different options for carbon capture and utilisation (CCU) before taking a more
in-depth look at the mineralisation process used by O.C.O.
Of particular interest to the audience
was the fact, demonstrated by Peter in one of his slides, that a wide range of
materials – including tailings from the mining industry and kiln dust from the
cement sector – all have the potential for carbon mineralisation.
Peter said: “CCU technology offers a
wide variety of possibilities, including the construction of larger regional
facilities receiving wastes from a number of sources, or co-location at sources
where both carbon dioxide and reactive wastes materials are produced.
“CCU processes can be partnered with CO2
purification technologies where it needs to be transported, or take advantage
of low energy direct flue gas capture.”
above shows the role of carbon mineralisation
Recently, O.C.O has been working on a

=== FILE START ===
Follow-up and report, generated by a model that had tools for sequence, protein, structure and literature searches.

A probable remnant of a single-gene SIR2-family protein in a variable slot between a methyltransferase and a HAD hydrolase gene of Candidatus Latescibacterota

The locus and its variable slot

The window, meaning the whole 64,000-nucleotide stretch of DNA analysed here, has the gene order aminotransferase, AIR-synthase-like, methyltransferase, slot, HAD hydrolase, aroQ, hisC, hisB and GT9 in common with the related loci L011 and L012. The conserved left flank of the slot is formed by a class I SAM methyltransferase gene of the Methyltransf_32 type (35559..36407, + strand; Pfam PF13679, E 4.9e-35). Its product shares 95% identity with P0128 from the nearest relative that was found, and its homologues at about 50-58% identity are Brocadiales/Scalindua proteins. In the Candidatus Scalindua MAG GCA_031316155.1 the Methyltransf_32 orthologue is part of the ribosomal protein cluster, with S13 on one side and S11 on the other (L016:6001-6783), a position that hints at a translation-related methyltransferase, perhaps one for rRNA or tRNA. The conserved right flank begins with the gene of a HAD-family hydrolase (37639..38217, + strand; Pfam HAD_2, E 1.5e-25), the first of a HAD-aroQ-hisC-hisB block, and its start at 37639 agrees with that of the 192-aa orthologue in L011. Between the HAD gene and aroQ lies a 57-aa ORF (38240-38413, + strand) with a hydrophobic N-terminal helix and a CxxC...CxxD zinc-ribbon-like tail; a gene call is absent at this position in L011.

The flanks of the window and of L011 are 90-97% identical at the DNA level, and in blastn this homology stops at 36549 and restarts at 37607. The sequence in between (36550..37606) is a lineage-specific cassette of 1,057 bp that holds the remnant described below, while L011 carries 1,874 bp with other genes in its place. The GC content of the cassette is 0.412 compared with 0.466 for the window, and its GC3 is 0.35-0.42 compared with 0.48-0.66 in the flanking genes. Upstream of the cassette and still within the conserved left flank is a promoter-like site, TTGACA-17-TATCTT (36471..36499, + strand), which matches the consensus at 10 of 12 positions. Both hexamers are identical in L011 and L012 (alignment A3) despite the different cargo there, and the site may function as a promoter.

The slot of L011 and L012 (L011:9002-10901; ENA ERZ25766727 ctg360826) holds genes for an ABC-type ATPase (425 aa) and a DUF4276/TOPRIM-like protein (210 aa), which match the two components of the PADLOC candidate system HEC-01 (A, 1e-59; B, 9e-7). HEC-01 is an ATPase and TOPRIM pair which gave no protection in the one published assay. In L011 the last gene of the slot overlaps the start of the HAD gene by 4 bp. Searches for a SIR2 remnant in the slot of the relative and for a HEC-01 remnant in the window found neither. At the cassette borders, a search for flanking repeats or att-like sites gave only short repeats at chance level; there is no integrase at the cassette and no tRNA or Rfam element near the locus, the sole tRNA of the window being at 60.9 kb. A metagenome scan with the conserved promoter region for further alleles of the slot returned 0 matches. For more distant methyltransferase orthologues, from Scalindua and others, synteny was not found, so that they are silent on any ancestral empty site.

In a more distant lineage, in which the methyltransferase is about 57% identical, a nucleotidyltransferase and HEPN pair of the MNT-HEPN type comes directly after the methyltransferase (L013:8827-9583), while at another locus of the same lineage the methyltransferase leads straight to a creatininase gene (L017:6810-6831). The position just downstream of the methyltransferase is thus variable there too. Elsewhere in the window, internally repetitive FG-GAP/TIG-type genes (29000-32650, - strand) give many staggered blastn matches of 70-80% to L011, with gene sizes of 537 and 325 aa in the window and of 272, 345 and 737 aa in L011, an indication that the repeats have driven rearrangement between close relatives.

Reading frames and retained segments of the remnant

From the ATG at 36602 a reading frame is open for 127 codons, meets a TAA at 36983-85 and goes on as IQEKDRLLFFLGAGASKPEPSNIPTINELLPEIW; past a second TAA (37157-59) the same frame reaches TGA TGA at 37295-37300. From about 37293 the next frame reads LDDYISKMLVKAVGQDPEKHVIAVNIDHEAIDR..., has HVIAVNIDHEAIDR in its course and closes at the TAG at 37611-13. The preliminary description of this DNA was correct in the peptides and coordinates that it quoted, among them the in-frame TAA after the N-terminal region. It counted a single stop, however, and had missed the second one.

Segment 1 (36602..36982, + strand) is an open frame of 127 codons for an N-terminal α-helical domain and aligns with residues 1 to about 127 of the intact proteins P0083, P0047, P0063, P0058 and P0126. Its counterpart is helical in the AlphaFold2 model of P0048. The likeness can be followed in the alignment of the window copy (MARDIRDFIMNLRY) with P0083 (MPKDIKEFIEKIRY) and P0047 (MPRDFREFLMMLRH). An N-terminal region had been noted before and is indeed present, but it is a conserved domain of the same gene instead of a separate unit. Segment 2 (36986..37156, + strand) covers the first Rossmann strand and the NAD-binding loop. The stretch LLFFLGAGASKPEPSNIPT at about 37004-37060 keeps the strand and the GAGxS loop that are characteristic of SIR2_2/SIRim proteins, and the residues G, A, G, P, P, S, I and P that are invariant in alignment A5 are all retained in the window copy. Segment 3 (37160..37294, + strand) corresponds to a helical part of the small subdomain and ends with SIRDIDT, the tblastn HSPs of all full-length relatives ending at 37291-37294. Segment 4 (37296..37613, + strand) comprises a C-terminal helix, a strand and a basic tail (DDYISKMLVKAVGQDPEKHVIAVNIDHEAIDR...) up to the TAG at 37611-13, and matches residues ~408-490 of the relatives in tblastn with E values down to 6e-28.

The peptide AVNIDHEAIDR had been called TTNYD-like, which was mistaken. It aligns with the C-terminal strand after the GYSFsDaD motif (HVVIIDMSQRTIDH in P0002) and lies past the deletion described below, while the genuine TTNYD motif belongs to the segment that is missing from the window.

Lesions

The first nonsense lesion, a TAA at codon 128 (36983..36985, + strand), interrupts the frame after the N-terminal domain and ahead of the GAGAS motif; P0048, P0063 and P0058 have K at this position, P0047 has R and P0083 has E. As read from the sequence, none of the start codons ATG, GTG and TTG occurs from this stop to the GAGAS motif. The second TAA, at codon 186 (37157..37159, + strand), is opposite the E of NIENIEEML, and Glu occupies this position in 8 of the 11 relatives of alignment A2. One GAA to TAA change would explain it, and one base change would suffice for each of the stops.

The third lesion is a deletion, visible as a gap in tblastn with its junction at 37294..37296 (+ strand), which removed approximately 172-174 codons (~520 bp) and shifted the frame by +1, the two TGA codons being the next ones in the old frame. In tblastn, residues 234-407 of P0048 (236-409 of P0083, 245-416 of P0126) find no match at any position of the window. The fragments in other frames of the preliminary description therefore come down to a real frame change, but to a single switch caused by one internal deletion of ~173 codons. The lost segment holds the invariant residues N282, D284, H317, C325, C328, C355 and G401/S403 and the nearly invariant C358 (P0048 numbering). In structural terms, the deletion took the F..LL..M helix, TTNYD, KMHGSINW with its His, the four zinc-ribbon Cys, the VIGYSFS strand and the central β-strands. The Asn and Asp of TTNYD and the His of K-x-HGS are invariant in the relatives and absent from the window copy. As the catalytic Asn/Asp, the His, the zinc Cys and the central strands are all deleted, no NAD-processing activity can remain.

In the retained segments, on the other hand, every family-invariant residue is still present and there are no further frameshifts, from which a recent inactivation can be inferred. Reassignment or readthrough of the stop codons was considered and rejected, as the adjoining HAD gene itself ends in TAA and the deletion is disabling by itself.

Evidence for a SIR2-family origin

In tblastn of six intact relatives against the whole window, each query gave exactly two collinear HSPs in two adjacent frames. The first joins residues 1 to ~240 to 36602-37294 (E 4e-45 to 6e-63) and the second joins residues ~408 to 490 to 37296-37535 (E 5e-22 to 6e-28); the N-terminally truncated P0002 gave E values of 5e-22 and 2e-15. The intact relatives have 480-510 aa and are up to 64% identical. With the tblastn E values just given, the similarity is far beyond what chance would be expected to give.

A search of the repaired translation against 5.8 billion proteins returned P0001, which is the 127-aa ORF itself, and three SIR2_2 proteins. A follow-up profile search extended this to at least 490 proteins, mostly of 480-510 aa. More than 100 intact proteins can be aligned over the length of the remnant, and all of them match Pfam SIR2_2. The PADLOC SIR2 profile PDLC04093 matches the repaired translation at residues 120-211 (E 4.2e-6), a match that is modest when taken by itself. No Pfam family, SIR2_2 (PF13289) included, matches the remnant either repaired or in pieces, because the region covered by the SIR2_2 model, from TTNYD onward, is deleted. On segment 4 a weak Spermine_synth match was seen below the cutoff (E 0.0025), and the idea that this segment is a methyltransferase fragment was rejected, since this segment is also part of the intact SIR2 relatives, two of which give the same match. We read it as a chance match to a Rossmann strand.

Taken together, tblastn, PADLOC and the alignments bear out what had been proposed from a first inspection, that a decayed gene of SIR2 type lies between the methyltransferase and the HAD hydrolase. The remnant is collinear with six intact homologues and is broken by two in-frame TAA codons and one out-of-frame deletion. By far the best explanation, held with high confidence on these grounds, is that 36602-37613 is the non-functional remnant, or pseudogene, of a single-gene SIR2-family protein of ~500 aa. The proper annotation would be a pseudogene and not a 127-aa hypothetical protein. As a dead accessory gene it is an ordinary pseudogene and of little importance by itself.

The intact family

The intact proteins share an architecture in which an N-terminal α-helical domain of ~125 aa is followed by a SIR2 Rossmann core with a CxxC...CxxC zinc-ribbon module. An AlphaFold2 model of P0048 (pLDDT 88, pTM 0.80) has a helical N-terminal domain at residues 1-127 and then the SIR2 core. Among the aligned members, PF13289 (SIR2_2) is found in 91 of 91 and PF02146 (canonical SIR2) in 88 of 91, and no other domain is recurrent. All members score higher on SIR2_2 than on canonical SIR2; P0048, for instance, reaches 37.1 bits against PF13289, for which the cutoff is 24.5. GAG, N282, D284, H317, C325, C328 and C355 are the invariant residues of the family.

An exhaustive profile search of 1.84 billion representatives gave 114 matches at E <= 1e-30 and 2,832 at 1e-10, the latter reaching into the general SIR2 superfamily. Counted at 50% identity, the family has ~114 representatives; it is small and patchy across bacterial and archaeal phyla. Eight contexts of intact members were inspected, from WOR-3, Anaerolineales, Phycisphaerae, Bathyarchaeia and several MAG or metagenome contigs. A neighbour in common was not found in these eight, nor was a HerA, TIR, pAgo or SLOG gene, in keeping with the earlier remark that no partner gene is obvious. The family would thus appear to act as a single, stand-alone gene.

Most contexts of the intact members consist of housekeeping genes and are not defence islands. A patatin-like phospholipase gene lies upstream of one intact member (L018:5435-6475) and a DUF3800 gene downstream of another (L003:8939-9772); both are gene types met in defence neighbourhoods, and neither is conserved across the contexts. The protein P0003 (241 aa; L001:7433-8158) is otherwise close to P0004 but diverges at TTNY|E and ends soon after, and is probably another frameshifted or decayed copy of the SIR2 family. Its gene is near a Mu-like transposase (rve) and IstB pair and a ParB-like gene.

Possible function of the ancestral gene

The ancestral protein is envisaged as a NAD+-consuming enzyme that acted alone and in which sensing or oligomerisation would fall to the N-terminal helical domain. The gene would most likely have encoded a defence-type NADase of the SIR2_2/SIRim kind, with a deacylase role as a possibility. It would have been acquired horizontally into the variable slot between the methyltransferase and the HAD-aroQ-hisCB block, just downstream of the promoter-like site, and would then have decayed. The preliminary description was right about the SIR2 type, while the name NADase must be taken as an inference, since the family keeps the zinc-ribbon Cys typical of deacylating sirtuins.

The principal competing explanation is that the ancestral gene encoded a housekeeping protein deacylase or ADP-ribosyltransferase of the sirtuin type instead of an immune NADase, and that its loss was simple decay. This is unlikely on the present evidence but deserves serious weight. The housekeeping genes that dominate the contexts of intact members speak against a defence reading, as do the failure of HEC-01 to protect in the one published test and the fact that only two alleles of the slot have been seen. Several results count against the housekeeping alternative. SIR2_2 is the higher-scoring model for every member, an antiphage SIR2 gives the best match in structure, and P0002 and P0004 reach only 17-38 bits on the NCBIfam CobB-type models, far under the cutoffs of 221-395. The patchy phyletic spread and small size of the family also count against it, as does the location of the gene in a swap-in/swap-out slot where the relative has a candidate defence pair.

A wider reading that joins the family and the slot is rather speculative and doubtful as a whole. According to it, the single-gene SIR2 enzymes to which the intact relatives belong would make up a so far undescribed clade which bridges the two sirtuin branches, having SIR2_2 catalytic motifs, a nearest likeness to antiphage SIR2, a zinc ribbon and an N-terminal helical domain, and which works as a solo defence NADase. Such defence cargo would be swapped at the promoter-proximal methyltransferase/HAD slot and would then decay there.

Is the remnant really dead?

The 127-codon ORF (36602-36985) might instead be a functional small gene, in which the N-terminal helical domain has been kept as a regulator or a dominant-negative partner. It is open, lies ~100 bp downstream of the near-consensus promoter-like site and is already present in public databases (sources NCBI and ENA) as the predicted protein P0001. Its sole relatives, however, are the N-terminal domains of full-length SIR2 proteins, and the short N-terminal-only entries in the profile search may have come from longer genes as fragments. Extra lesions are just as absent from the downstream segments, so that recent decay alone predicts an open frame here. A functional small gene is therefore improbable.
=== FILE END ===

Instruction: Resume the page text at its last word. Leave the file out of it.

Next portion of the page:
major new project with Japan’s Mitsubishi Corporation and Peter explained how
he and his team have been undertaking trials at O.C.O’s Avonmouth facility,
focusing on the carbonation of slag waste from steel processing plants.
The project has now moved forward to the next stage, with a pilot plant being
constructed to enable tests on a range of steel slag residues using a variety
was the fact that Mitsubishi
Corporation has chosen O.C.O as one of only four global companies to join its
Green Concrete Consortium, a project that aims to transform CO2 into
carbon negative concrete and aggregates.
The presentation looked at the technical
challenges and barriers faced by novel technology providers attempting to drive
the circular economy forward, including:
lack of commonality around End of Waste (EoW) legislation worldwide
increasing complexity of product legislation and almost overcritical scrutiny
of valorised products compared to their virgin equivalents
issue of a largely conservative approach towards ‘new’ recycled products
lack of added value for greener, sustainable products
The question of challenges and